Having been the GM for our group for at least two years, I can appreciate the effort Lyndon put in, and the infectious enthusiasm of Gavin. I am reminded again how I need to play a lot more games, but my schedule does not give me the time. However, I am grateful for the gaming pleasure Gavin and Lyndon gave me.


Read all the current entries to the March Carnival at Creative Mountain Games.


Which GMs have influenced you? Whose game do you remember with fond memories? Share your thoughts with your fellow GMs in the comments below.


Happy Playing


Follow this link to learn more about the RPG Blog Alliance.


Something for the Weekend next week: Trollbabe and Relationships in RPGs


Mar 26

Sigil PD: Chapter 13, Part 2

Character (4) head


Name lists, character generation & learning new rules


Despite the change in schedule, I was productive with my game prep. I now have a list of suitable character names and location names for the new setting. I doubt we shall need them all, but it pays to be prepared. These location lists are very good for ensuring a consistent tone for a culture.


I also prepared some sheets for the brainstorming part of the next session. These will be printed tomorrow night, when I also hope to work a little more on My Life with Master. The character sheet at the back of the rules has a lot of game information included on it, but I still need to revisit the character generation rules, and the mechanics. While we are not going to be using these rules during our interlude game, the Players will better understand the character generation process if I can explain the basics of the rules to them.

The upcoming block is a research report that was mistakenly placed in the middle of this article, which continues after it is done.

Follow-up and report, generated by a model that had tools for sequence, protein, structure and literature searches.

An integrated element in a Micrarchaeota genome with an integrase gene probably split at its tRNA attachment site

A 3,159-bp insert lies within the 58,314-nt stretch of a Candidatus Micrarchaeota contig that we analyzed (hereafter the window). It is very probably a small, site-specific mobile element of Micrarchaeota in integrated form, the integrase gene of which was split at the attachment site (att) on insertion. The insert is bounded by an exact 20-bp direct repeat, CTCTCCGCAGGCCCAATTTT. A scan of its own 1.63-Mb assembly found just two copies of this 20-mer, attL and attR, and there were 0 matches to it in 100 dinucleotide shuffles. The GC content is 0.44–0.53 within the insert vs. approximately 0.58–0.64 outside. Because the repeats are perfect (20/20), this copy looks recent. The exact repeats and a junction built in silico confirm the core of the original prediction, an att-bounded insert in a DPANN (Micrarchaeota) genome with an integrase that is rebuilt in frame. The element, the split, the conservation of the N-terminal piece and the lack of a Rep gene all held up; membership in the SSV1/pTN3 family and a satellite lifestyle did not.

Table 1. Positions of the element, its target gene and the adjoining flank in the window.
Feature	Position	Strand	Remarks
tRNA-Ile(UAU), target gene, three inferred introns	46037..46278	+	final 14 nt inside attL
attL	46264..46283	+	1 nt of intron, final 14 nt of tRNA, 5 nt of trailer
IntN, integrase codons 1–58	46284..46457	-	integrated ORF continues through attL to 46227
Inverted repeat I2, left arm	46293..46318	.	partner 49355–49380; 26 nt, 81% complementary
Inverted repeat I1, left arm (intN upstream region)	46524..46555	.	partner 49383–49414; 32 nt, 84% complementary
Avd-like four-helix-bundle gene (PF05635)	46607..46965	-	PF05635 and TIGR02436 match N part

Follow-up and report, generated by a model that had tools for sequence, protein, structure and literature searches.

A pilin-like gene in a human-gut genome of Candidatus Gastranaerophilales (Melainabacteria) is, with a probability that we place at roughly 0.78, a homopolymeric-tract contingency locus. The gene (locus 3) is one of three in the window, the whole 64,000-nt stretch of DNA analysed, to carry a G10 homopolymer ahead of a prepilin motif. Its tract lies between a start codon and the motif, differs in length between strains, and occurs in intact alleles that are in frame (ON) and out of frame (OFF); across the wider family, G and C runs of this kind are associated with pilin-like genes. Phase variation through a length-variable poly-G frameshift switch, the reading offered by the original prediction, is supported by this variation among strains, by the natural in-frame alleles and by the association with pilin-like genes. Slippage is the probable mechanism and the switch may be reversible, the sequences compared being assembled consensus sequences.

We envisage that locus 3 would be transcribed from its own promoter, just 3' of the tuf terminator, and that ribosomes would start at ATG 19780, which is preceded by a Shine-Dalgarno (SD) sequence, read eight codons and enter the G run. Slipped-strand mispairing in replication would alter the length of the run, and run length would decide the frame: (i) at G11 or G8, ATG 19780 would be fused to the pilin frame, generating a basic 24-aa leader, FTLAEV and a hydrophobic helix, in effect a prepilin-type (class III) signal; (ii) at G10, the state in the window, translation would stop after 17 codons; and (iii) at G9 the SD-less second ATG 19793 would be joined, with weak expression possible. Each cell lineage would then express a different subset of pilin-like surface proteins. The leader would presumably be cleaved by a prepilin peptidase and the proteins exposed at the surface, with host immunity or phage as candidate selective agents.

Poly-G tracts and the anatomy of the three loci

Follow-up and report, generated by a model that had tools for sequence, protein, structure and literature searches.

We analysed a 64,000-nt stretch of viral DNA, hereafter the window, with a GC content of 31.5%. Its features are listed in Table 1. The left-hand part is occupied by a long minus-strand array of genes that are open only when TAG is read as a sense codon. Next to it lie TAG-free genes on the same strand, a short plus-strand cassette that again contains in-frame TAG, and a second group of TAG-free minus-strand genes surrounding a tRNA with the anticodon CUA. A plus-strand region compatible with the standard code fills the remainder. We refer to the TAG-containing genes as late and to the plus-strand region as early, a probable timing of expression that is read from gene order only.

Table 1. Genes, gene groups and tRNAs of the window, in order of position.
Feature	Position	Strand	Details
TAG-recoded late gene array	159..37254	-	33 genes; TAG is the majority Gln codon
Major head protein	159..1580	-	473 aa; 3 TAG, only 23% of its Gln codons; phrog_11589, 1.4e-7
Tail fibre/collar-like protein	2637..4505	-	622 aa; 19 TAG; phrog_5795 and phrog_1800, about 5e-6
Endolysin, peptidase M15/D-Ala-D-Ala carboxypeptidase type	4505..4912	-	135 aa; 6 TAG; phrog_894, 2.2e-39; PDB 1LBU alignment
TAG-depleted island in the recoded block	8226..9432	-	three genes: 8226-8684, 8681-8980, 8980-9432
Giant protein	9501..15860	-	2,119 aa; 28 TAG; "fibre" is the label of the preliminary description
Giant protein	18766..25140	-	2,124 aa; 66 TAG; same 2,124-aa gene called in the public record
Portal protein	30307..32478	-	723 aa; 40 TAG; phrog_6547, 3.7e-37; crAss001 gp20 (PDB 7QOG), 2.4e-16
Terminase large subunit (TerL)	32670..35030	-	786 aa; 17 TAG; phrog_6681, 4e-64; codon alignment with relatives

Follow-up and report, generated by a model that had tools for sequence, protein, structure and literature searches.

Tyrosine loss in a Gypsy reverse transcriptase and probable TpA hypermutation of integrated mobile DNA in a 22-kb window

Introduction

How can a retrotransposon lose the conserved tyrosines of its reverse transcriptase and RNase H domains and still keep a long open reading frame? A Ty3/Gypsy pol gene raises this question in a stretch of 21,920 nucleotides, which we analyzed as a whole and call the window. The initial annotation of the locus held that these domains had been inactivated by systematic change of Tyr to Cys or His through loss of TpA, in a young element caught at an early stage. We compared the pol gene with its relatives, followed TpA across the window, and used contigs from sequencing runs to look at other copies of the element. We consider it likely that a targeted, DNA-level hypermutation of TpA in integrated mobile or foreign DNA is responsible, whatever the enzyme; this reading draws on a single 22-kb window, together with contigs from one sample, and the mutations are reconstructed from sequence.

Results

My favourite method for learning the rules of a new game is to create summary sheets. The creation of these summaries requires me to think about the mechanics, and how to describe them in brief notes. By processing the information in this way, I find I learn the rules.


How do you learn a new set of rules?


Happy Gaming



The Prep in Progress series are short summaries of my prep for my ongoing campaign The Tales of the Hero Wars


Mar 25

Tales of the Dice 10: Retching


10 Retching


After the break previously, it is rewarding to be back posting the comic regularly. There are many facets to living with cats, not all of them pleasant.


Issue 9, Quoting, can be found here.


Happy Gaming



Click on the picture for a larger version.